Chinese Five Arts > Pugilistic Art

Bagua Zhang (Eight-Trigram Palm) 八卦掌


"Ba Gua Zhang is literally translated as Eight Trigram Palm. This style is one of the three Nei Jia Quan or internal styles of China.  The other two styles are Xing Yi Quan and Taiji Quan. As with Xing Yi and Taiji, the practice of Bagua generates Qi (internal energy) for both health and combat purposes. Baguazhang uses palm techniques exclusively, and this is reflected in the name, Eight Trigram Palm. This makes Bagua distinct from Xing Yi and Taiji styles, both of which incorporate fist techniques.

The most distinctive trait of Baguazhang is that movement imitates the Taoist Ba Gua symbol of the Yi Jing (Book of Changes). Techniques are demonstrated while walking low in a static circle.  This technique of circular walking has three intentions: 1) confuse the opponent, 2) exhaust the opponent, and 3) absorb natural Qi evenly from all directions.  The health benefits of this circular Qi cultivation ensures that longtime masters are not only excellent fighters but also live extremely long lives." (Source: What is Baguazhang?)

(source of the image)"The eight-diagram palm is based on the old Chinese philosophy of eight combinations of three whole and broken lines used in divination. While practising, the practitioner moves according to the eight diagrams. There are eight basic palm plays. A total of 64 palm tricks and moves have come from the original eight basic palm plays. Apart from solo practices, there are also sparrings, Sanshou (free sparring) and fighting with weapons, such as Bagua sword play, Bagua sabre play and Bagua cudgel play, and Bagua play of shaft decorated with seven stars, etc. While practising these routines, practitioners rove around like a dragon moving amidst clouds." (Source: Bagua Zhang (Eight-diagram Palm)).
Footwork method for changing directions
on the circle in the Daoist circle walking practice of the Quan Zhen sect. (source)"A good Ba Gua Zhang practitioner spends a lot of time walking in circles; the question on everyone else's lips is, "Why are you doing that?" (...) The Ba Gua Zhang practitioner will benefit in many ways from the circle walk practice. Health, longevity, body strength, stamina, coordination, balance, Qi cultivation, calming of the mind, mental concentration, mobility in combat, body/mind unity, stillness in motion, etc. - all of these aspects of physical, mental, and spiritual health can be improved through simple circle walking." (From The Circle Walk Practice of Ba Gua Zhang by Dan Miller)
Read the other parts of Dan Miller's article:
Origins of the Circle Walk Practice in Ba Gua Zhang,
The Circle Walking Method,
Why Walk the Circle?,
Circle Walking Variations,
The Benefits of Circle Walking Practice,
"Four Pillars of Training
The eight "mother palms" (also called the "nei gong" palms or the "qi gong" palms) are the foundational static upper body postures which are held while the practitioner is practicing the circle walk. These postures are designed to train certain structural alignments while the practitioner is walking the circle. The upper body is held static while the lower body is continuously moving. In the practice of holding the eight mother palms the practitioner trains structural strengths, internal body connections, internal/external body integration and harmony, development and awareness of muscle groups not usually under conscious control, tendon strength and conditioning, and joint opening and suppleness, in each of the eight postures that are held. (...)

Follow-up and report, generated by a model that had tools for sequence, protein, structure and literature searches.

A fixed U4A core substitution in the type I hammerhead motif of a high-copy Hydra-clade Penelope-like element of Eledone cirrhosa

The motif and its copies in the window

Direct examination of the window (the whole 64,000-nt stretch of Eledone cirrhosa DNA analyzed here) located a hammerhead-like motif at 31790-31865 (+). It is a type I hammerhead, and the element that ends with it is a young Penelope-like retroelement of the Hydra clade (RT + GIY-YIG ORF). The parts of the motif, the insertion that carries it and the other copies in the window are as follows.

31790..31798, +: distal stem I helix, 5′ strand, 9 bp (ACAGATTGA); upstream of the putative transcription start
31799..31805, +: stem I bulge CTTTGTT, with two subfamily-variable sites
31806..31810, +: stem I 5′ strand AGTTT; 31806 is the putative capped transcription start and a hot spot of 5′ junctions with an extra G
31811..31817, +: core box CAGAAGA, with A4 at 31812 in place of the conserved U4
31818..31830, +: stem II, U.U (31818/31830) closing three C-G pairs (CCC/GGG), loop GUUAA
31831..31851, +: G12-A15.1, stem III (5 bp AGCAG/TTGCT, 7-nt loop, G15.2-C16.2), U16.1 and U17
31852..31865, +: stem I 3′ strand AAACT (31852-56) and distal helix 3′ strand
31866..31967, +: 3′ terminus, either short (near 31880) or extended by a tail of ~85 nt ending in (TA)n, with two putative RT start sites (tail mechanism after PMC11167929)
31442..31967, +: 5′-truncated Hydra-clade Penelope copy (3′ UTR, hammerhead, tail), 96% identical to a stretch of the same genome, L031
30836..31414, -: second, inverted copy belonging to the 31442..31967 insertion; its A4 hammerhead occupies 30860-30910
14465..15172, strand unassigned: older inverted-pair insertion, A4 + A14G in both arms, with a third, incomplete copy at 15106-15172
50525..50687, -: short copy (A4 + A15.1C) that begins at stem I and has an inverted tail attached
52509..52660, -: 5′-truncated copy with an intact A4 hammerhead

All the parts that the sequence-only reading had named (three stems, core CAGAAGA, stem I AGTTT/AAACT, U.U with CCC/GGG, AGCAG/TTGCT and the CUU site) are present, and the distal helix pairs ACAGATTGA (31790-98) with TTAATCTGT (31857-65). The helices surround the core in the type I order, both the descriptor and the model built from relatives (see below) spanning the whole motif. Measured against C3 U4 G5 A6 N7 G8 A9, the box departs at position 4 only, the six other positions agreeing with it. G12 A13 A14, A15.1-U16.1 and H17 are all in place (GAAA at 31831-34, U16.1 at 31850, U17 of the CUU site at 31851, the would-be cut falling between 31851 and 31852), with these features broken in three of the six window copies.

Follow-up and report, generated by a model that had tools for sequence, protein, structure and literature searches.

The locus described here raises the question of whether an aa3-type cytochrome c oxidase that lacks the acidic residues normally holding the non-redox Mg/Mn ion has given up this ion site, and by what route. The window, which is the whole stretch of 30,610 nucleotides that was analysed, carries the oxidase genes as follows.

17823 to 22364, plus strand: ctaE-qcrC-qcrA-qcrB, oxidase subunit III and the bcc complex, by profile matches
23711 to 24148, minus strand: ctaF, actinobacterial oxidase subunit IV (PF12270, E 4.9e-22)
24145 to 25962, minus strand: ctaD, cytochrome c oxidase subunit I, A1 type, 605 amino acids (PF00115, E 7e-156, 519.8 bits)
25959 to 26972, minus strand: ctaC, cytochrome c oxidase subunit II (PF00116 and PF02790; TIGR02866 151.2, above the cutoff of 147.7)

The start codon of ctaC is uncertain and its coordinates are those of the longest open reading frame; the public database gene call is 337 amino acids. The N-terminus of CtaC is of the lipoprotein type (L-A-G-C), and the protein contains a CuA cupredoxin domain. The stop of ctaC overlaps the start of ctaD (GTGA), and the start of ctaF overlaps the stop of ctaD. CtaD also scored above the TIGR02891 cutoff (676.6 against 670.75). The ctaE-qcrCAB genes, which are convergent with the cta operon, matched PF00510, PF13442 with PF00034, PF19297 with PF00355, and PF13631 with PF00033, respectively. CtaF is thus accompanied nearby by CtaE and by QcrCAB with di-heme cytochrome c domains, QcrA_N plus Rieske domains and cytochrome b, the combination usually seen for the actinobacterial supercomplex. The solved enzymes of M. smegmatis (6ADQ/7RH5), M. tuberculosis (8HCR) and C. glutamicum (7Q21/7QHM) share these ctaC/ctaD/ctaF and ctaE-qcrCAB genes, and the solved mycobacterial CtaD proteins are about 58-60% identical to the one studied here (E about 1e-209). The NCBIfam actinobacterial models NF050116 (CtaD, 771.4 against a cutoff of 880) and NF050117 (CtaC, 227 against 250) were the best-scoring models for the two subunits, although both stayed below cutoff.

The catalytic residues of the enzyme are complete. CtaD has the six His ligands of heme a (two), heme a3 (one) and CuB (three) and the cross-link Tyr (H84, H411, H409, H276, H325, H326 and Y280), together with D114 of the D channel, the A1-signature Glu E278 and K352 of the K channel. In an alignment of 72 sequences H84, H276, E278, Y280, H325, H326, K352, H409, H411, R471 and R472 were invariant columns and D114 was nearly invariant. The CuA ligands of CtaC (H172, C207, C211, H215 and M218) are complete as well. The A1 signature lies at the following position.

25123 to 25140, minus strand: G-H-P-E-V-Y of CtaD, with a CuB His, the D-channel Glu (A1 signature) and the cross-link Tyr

The Philosophical Connection
The art of Ba Gua Zhang was not haphazardly named after the eight trigrams of the Yi Jing. In all areas of practice there is a philosophical connection which has between the Yi Jing theory and the physical movement and training. Sun Lu Tang was the first to write about these connections in this book Ba Gua Quan Xue (The Study of Ba Gua Boxing), which was published in 1916. In his book Sun relates the practice of static standing in preparation for the circle walk practice to the philosophical principle of Wu Ji. He relates the circle walk practice while holding a static upper body posture to the principle of Tai Ji. He then relates the single palm change maneuver to the principle of Liang Yi and the double palm change to the principle of Si Xiang.

Those who have studied this philosophy will know that the belief is that all life, motion, or energy begins from a "void" or Wu Ji. When the Wu Ji begins to manifest movement, the Tai Ji is formed. When the One energy of the Tai Ji begins to reveal its opposite polarities (Yin and Yang), the Liang Yi is formed. When the two polar energies (Yin and Yang) of the Liang Yi combine to form four energies, directions, movements, or principles, the Si Xiang is formed. When the Yin and Yang combine once again to form eight combinations, the Ba Gua is formed." (From A Detailed Study Of Ba Gua Zhang's Single Palm Change, Four Pillars of Training by Dan Miller)


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